All grown up: new series of Skins sees the main characters as working adults.
Skin's Effy Stonem is hardly the kind of girl you'd expect to be working in business but here she is in series seven working ambitiously as a trader for a London hedge fund. The seventh and final series of E4's long-running Skins drama, entitles Skins Redux, is about to air in the UK. However now, the drug-taking, promiscuous, hedonistic days of youth for Effy, Cassie and Cook are long gone as they wrestle with the practicalities of adult life, such as holding down a stable job, the loneliness of the big city, and the resurfacing of the past.
Effy's Life Has Changed Incredibly Since Last Time We Saw Her.
The seventh series will be quite short - in just six parts - but will be divided into three stories following Cassie, Effy and Cook. Each part will be themed differently: 'Skins Pure', 'Skins Rise' and 'Skins Fire,' with a different character taking centre stage in each. The once reserved girl who went off the rails, Effy, brother to Tony Stonem (Nicholas Hoult), is followed through her job working for a hedge fund firm where she embarks on an affair with her boss; with things getting out of hand in typical Skins style, according to The Mirror. Cook (Jack O'Connell) is working as a drug dealer in Manchester but after he falls for a woman he really shouldn't, he is forced to confront his violent past.
Continue reading: Skins Returns For Series 7: Life In The Adult World
After a valiant but ultimately unsuccessful attack by Leonidas' army of 300 Spartan men on Persia's much larger army led by the 'God-King' Xerxes, the rest of the Greeks are at war with Persia determined to end their invasion and bring down their so-called God once and for all. Athens and their strong naval fleet, led by the admiral Themistocles, are forced to team up with Sparta, their civil rivals, and their formidable army though the Greeks are still ultimately outnumbered on a massive scale by Persia. However, with a determination instilled by a national pride in the sacrifice of Leonidas and his men, the Greeks enter in their new battle gladly and with a significantly reduced fear of their enemy.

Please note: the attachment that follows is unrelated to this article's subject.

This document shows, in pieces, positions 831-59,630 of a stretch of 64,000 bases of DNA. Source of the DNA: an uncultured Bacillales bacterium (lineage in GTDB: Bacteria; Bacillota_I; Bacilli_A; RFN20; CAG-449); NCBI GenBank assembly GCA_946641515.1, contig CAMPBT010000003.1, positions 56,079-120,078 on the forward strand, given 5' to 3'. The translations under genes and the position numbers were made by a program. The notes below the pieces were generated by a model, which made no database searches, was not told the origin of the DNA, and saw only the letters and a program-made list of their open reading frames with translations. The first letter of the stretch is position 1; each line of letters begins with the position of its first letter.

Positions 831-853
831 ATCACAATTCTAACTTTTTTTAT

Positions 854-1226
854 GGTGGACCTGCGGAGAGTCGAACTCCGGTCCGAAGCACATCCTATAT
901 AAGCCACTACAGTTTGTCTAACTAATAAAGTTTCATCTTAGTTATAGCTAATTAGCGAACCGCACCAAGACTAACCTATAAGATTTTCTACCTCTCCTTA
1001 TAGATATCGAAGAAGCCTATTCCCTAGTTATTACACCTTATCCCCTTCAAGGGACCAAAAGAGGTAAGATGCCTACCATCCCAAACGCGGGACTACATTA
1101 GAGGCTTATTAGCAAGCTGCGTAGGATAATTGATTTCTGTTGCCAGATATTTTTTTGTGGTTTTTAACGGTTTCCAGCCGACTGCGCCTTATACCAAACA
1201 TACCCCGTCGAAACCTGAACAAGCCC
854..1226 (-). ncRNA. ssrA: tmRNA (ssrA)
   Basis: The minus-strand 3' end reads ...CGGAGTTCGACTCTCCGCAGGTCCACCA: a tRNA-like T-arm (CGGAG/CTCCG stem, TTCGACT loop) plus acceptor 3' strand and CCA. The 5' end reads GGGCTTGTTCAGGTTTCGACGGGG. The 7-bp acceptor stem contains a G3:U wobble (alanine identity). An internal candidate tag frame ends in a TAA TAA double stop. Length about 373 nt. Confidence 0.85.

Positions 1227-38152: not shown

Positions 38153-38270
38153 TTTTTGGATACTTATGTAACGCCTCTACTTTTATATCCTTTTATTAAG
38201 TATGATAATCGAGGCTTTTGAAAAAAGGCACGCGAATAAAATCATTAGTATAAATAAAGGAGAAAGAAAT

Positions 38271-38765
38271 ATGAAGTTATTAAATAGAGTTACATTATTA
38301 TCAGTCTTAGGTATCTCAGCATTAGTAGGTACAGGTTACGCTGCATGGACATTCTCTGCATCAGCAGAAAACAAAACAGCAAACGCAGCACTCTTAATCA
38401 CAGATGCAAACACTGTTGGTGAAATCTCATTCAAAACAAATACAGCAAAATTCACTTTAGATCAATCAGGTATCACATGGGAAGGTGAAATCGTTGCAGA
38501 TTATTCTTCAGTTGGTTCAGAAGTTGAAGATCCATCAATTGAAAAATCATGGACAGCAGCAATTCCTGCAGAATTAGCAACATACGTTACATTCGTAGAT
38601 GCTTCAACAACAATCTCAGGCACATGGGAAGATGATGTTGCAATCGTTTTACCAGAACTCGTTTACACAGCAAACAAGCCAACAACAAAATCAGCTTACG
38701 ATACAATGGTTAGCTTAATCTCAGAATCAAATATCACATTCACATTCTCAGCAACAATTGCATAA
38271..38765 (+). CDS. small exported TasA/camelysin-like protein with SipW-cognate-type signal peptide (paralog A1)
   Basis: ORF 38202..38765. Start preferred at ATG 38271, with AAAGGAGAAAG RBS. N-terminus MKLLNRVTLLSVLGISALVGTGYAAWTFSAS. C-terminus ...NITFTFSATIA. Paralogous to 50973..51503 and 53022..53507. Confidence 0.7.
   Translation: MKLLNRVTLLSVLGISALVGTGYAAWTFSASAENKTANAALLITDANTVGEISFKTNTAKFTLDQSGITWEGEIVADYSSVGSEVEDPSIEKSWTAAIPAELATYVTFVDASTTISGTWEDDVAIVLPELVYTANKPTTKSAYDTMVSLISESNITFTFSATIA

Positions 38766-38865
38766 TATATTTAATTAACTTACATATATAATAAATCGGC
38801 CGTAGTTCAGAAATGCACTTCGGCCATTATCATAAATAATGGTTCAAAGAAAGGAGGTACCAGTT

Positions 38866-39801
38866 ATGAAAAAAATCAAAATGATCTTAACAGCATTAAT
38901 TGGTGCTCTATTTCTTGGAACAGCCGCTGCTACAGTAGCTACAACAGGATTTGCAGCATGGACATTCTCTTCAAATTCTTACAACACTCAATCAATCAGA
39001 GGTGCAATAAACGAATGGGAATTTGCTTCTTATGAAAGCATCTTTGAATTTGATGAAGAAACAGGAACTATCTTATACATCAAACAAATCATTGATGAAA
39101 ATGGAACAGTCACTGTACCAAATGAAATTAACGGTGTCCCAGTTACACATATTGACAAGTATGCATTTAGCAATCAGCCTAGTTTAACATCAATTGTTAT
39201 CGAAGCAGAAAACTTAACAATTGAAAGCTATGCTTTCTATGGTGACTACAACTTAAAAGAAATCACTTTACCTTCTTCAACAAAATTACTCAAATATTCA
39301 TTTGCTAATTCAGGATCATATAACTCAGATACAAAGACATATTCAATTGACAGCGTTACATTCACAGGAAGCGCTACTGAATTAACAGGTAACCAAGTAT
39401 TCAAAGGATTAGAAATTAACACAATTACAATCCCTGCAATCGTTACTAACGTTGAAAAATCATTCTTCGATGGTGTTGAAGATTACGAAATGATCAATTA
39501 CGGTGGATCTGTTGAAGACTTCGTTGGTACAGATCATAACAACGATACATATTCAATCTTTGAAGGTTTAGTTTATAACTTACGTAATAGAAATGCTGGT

'300: Rise Of An Empire' is the gritty, action-fuelled follow-up to 2007's '300' directed by Zack Snyder ('Dawn of the Dead', 'Watchmen', 'Man of Steel'). This sequel has been adapted from the graphic novel 'Xerxes' by Frank Miller and directed by Noam Murro ('Smart People'), though Snyder does make his return alongside Kurt Johnstad ('Act of Valor') on the screenwriting credits. With a multi-award winning epic to beat, 'Rise Of An Empire' looks to be a thrilling addition to this war saga and it is set to hit screens in the US on March 7th 2014.
Prepare for the bloodshed to continue, as the 300 series will continue.
Seven years after the original 300 caused students to yell “THIS. IS. SPARTA!!!” at every beer-fueled rager for months on end, we get the trailer for the sequel – that’s not really a sequel – 300: Rise of an Empire. The film has new direction – Noam Murro, taking over from Man of Steel’s Zack Snyder – and a whole new focus and as Murro has pointed out, this will not be a sequel per se – in. It will be more of a prequel and sequel at the same time in terms of the timing, the events take place before, during and after the events of 300. Instead, this new installment will shift its focus. Based on the graphic novel Xerxes by Frank Miller, the film will open with Greek general Themistocles getting ready to battle an invading army of Persians under the mortal-turned-god, Xerxes.
Check out the trailer for 300: Rise of an Empire below:
Continue reading: 300: Rise Of An Empire - Battles, Blood And Brand New Characters